Is the NHT xd System worth buying today?

 I have an opportunity to buy the NHT XDS system. The asking price is about what it was going for during the closeout sale, so about half of the orginal retail price, it is not a giveaway. I am just wondering if this system is still valid today considering the advancements in the technology used?
I don't know what you mean by 'still valid today' but I have heard the NHT Xd and would not hesitate to acquire the system if given the chance; advancement in technology notwithstanding. It's one of those things that stay with you for a long time, much like what the original Logitech Transporter did for me at first listen. I regret not jumping on the chance to acquire those kinds of components no longer in production.
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Its a killer system....esp for it's size
Half isn’t a great price considering I’ve seen them go for as low as $1200 for a 2.1 set on ebay, and $1500ish on Audiogon, with the XDA amps.

I wouldn’t pay $3000 for it today. First of all NHT ended up selling upgraded versions of the monitors (M60), and secondly the drivers aren’t really all that valuable, they were pretty much mid level Seas drivers at the time. The selling point of the system was the XDA amp, which at this point is pretty old. Secondly it was a notoriously noisy machine that was prone to mains hum and other noises, back when the XDs were in production people would pay to "upgrade" the XDA with upgraded caps and electronics to get rid of the noise.

Finally, the XDA is probably more hassle than it’s worth, and plenty of people have commented that it doesn’t really sound any better than the passive version of the NHT XD with a custom crossover which I believe Zaph and Selah used to build for people with dead amps.
JD, have you ever actually HEARD the system? If you weren't interested in it, when/how did you "see them go for $1200 or $1500"? Was that like 10 years ago? lol.  The selling point of the system was not just the amp, but the active crossover and equalization that resulted from a significant dedication of engineering/development resources. A signal perfectly tailored to the drivers and enclosures is created in the digital domain, and mainline/amplified and sent directly to the midrange, tweeter, and subwoofers, without any phase colorations or crossover distortion caused by passive components. If you believe that a passive version of the system sounds the same, you either haven't heard the immediacy of the active version and/or you are missing the whole point. You probably would not like active studio monitors either. The fit and finish of the system is outstanding, and the results are jaw-dropping. I have not heard of any of the hum or other noise issues that you speak of, or [the need for] any upgraded drivers offered by NHT; the results speak for themselves, as anyone who has actually heard (or reviewed) the system will attest. Enjoy whatever it is you like. :)

Yes, I’ve owned both the active and the passive version (built by Selah) actually. I didn’t think the active version sounded much better.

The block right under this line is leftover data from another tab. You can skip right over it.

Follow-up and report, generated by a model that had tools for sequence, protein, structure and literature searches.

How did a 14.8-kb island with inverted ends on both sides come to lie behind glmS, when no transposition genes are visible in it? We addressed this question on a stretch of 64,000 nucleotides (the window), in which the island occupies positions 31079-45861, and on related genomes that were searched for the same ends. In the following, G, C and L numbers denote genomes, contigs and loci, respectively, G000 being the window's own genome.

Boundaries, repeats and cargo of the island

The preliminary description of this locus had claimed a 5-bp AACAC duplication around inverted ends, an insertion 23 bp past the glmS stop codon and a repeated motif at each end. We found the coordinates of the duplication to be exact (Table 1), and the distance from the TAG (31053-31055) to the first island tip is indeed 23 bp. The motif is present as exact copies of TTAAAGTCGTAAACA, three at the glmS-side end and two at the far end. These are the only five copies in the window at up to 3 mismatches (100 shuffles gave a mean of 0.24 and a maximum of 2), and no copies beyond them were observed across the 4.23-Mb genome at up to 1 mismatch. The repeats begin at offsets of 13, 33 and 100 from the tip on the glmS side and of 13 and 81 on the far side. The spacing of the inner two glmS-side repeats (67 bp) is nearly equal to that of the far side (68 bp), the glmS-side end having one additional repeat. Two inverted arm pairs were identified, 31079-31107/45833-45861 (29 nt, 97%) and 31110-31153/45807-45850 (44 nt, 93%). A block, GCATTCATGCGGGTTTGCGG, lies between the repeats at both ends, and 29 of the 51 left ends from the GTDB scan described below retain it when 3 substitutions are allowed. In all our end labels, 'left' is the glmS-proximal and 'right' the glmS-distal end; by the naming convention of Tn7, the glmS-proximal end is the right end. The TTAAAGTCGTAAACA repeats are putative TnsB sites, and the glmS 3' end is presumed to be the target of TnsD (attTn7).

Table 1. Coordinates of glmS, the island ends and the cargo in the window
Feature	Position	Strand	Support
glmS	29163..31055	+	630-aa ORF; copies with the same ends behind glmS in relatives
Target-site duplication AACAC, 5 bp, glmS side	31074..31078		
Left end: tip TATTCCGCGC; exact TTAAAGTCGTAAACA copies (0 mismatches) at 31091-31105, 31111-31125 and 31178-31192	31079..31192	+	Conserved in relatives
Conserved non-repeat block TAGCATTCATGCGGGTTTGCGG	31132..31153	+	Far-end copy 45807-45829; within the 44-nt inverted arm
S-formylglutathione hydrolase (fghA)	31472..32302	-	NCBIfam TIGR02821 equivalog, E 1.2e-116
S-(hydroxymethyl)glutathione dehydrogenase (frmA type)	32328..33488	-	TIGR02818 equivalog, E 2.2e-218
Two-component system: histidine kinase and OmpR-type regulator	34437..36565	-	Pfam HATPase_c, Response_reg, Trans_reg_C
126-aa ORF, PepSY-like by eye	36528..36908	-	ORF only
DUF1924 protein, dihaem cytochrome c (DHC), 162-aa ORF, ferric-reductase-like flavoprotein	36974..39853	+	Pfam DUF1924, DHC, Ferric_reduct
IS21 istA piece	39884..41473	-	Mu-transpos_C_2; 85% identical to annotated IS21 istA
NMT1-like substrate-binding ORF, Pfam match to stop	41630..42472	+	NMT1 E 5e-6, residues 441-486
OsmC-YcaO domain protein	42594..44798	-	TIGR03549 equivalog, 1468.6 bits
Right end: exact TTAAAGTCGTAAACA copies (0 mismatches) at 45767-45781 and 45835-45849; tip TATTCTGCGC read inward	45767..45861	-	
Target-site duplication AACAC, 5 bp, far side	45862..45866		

As far as actives, my mains are Genelec 8351s. I have no problems with actives in general, I just there isn’t that much you can do with the drivers on the XD as they have some serious breakup issues. There’s a reason why NHT released the M60s as a replacement monitor. As far as the noise issues, this is well documented by Stereophile. Maybe you need your ears checked?

I do enjoy whatever I like, thanks for patronizing buddy.


Sounds like you couldn't make the Xds sound the way you wanted because you don't have the technical capability. Those crazy looking upside down M60s were not a "replacement". If you are looking to some side-bar in an old Stereophile column, and you want to call that "well documented", well, then that speaks for itself.. LOL BTW, I wasn't trying to be patronizing. Enjoy your Genelecs. Buddy. 

Too late for the OP, but I wanted to reply to the comment about mains hum.

I believe what Stereophile documented was the self-noise of the system, not mains hum.  Mine don't hum, but you can hear hiss if you put your ear to the tweeter.  You'll find similar comments about hiss from some modern active DSP systems (e.g. Dutch & Dutch).

My Xda (the amp/dsp box) did make an annoying mechanical whine (not transmitted to the speakers), probably from the switching power supply.  I sent it in to NHT, and they were not able to fix the issue.

To me, this system is a lesson about undocumented, proprietary DSP systems.  As far as I can determine, If my Xda stops functioning, there's no way to repurpose the digital crossover filters.  Updating the amps and the DSP is also not an option without considerable hacking, or creating your own crossover filters from scratch.  

XDa was a nice technical attempt to make a very neutral speaker using DSP but today I think with much better room correction software available for both powered speakers like GLM or Dirac Live for passives it's somewhat long in the tooth.
I hooked mine up last week just to remind myself why I was dissatisfied.  Surprise, they sounded great.  The very even dispersion means they can really float images beautifully, better than my Vandersteen cloth Quatros in this regard.  And though I never got the second bass module, the bass clarity and weight in my room was satisfying.  This makes me wonder if I took the wrong path for my room with the floorstanders.